Life science industry concerns over the workability of EU HTA: Europe cannot miss out on the opportunity to speed up access to innovative medicines for European patients

The draft Implementing Act (IA) on Joint Clinical Assessment (JCA) of medicinal products, prepared by Member States’ “Comitology” Committee on Health Technology Assessment (HTA) with the support of the European Commission, has recently been published for public consultation and feedback. The draft IA will establish the detailed procedural steps and timelines of the new EU HTA procedure.

We welcome the Regulation (EU) 2021/2282 on health technology assessment which aims to provide a transparent and inclusive framework for quality HTA across the Union, to reduce duplication for national HTA authorities and industry and to facilitate business predictability and ultimately, to accelerate access of medicines to EU patients. For these aims to be achieved however, companies require sufficient information up front to prepare for JCAs, and there needs to be sufficient time for companies to gather, analyse and submit requested information to the assessors. We believe that the draft rules in their current format will create an unworkable framework for JCAs and consequently lead to duplication of work.

As industry association members of the HTA Stakeholder Network, representing the innovative European life science sector, we share serious concerns over the lack of workability of the procedures in the draft IA on JCA of medicinal products. The proposed draft procedures risk the aim of joint EU HTA of ensuring better access for patients to innovative health technologies.

While the IA aims to “…ensure that assessments are conducted in good time and that the relevant experts are involved or consulted”, the described procedures do not involve the companies whose products are subject to JCA, except in exceptional cases. Further, the timelines are unworkable and too short to allow companies to provide quality input regarding evidence, analysis and comments that is required of them throughout the JCA.

Companies require sufficient information up front from the selected assessors to prepare for JCAs, and there needs to be sufficient time for companies to gather, analyse and submit requested information to the assessors. If the JCA procedure, which ultimately is the measure of success of joint EU HTA  does not provide transparency, predictability and workability for companies, joint EU HTA will fail to deliver on its aim of ensuring better access for patients to innovative health technologies.

We see the successful implementation and conduct of JCAs as a shared responsibility between stakeholders, as it will require a significant investment in terms of resources, knowledge and time from all parties involved, from national HTA authorities to companies. However, these draft rules, due to lack of involvement and clarity at the scoping stage of the assessment, leave companies with the high risk of producing a JCA dossier which will not serve its purpose and be a clear waste of resources.

  • The overall time of the JCA procedure is split in such a way that Member States will have four and a half months (140 days) solely to develop the scope of the assessment - that is the questions (PICOs) that they want companies to answer in their submission. During this time, there is no visibility for companies on the draft questions, and no opportunity for companies to engage with the assessors. It is only after this initial time period that companies will finally be informed of the scope, or the questions (PICOs) of the assessment, and are then given less than three months (90 days) to respond to these questions by putting together and submitting their submission dossier. Moreover, the proposed timelines may place companies in the impossible position of delaying regulatory procedural steps (e.g. clock stops) to satisfy JCA process needs.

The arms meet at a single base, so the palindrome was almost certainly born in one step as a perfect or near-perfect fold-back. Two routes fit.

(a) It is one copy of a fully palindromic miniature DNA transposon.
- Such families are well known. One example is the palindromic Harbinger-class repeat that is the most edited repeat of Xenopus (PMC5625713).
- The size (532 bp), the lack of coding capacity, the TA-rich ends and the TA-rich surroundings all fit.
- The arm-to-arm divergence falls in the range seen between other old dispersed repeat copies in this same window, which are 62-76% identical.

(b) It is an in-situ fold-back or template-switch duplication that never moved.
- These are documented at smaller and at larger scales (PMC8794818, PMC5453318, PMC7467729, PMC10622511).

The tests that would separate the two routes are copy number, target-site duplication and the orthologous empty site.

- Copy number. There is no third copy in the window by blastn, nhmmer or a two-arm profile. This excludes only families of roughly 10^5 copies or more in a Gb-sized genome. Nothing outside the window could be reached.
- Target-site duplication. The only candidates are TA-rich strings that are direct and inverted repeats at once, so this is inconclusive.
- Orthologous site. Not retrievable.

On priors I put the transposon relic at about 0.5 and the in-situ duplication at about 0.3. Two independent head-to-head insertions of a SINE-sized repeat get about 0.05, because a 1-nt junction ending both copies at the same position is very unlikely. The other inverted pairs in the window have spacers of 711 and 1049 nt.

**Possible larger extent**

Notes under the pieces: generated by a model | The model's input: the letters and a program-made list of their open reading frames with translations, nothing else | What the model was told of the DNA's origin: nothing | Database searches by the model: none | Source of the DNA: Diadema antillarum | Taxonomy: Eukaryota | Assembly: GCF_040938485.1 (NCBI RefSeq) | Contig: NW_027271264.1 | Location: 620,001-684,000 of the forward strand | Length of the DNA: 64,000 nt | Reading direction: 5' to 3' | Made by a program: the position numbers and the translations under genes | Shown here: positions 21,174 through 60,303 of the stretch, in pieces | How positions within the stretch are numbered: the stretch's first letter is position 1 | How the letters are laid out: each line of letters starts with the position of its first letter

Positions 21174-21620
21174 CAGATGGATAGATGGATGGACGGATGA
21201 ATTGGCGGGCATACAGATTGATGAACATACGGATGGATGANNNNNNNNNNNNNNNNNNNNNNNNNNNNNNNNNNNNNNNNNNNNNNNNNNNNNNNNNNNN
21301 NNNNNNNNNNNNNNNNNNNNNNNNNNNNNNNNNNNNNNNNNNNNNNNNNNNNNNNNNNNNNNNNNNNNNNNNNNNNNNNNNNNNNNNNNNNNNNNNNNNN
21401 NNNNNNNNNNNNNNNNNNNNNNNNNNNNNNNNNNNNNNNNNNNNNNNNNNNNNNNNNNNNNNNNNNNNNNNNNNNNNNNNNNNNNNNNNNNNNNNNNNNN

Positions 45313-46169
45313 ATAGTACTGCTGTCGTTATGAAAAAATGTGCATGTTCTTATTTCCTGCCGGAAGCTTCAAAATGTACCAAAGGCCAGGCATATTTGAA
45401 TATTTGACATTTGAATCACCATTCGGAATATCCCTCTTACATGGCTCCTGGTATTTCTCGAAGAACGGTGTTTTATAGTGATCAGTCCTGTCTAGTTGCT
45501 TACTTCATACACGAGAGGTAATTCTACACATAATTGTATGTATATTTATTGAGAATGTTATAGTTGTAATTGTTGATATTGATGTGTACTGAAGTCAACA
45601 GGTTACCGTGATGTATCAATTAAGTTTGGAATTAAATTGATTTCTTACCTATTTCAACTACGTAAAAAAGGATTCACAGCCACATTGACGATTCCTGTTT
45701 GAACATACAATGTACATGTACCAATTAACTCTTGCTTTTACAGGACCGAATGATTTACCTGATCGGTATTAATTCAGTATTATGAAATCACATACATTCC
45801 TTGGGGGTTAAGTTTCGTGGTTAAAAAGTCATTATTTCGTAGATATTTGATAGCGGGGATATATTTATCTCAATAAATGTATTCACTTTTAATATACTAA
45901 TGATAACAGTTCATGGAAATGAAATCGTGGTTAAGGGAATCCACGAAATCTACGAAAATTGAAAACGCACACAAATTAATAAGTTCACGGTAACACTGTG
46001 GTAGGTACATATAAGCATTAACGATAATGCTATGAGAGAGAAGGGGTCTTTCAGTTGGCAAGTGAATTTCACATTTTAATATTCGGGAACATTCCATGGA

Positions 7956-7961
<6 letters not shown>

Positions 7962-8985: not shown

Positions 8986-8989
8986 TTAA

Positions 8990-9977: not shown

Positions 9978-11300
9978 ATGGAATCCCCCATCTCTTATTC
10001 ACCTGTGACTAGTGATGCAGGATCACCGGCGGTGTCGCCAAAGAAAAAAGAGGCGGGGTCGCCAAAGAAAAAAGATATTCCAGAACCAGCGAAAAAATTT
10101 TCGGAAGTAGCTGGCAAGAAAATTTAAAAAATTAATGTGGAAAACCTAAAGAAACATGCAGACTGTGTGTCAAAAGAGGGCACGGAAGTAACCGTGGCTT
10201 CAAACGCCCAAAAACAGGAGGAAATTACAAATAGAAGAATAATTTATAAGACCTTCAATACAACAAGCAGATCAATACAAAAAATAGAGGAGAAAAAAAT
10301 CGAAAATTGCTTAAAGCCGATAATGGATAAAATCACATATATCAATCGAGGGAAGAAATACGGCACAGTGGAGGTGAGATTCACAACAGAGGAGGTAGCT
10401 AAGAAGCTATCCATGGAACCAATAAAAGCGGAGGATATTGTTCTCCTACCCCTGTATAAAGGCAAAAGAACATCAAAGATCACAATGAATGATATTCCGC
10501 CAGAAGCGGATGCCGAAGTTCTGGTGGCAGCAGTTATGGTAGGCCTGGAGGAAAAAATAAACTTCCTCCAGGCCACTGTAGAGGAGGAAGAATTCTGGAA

• Without the possibility for early interactions with the assessors, especially small to mid-sized companies that are less resourced are put under a serious threat of being unable to adequately deliver on their submission and contributing to a JCA that can fulfil the aim of the Regulation.
  • The JCA process would also be better served by allowing the opportunity for companies to contribute all relevant information, evidence, and knowledge as a key input into the definition of the assessment scope at the time of the application for the marketing authorisation.
  • Earlier involvement of all companies via a scoping meeting, as is guaranteed in many national HTA procedures, and also the previous EUnetHTA Joint Actions, increases the efficiency of this scoping phase since companies can provide relevant information needed for the scope based on their own substantial research into the disease area and the condition.
  • Furthermore, this allows companies to anticipate the different PICO scenarios, allowing for earlier preparation and thus increasing the quality of the submission dossier and ultimately the JCA report.
  • Additionally, companies could confirm the intention to file for a Marketing Authorisation ahead of time, allowing HTA authorities to start their preparations in advance, rather than only at the time of the EMA filing.

We urge the Member States’ representatives to take into account these serious concerns from the innovative life science industry, and to consider our proposed solutions in the finalisation of the Implementing Act on JCA of Medicinal Products, to ensure that the EU HTA procedure can deliver on its intended aims, starting with the first JCAs, from 12 January 2025.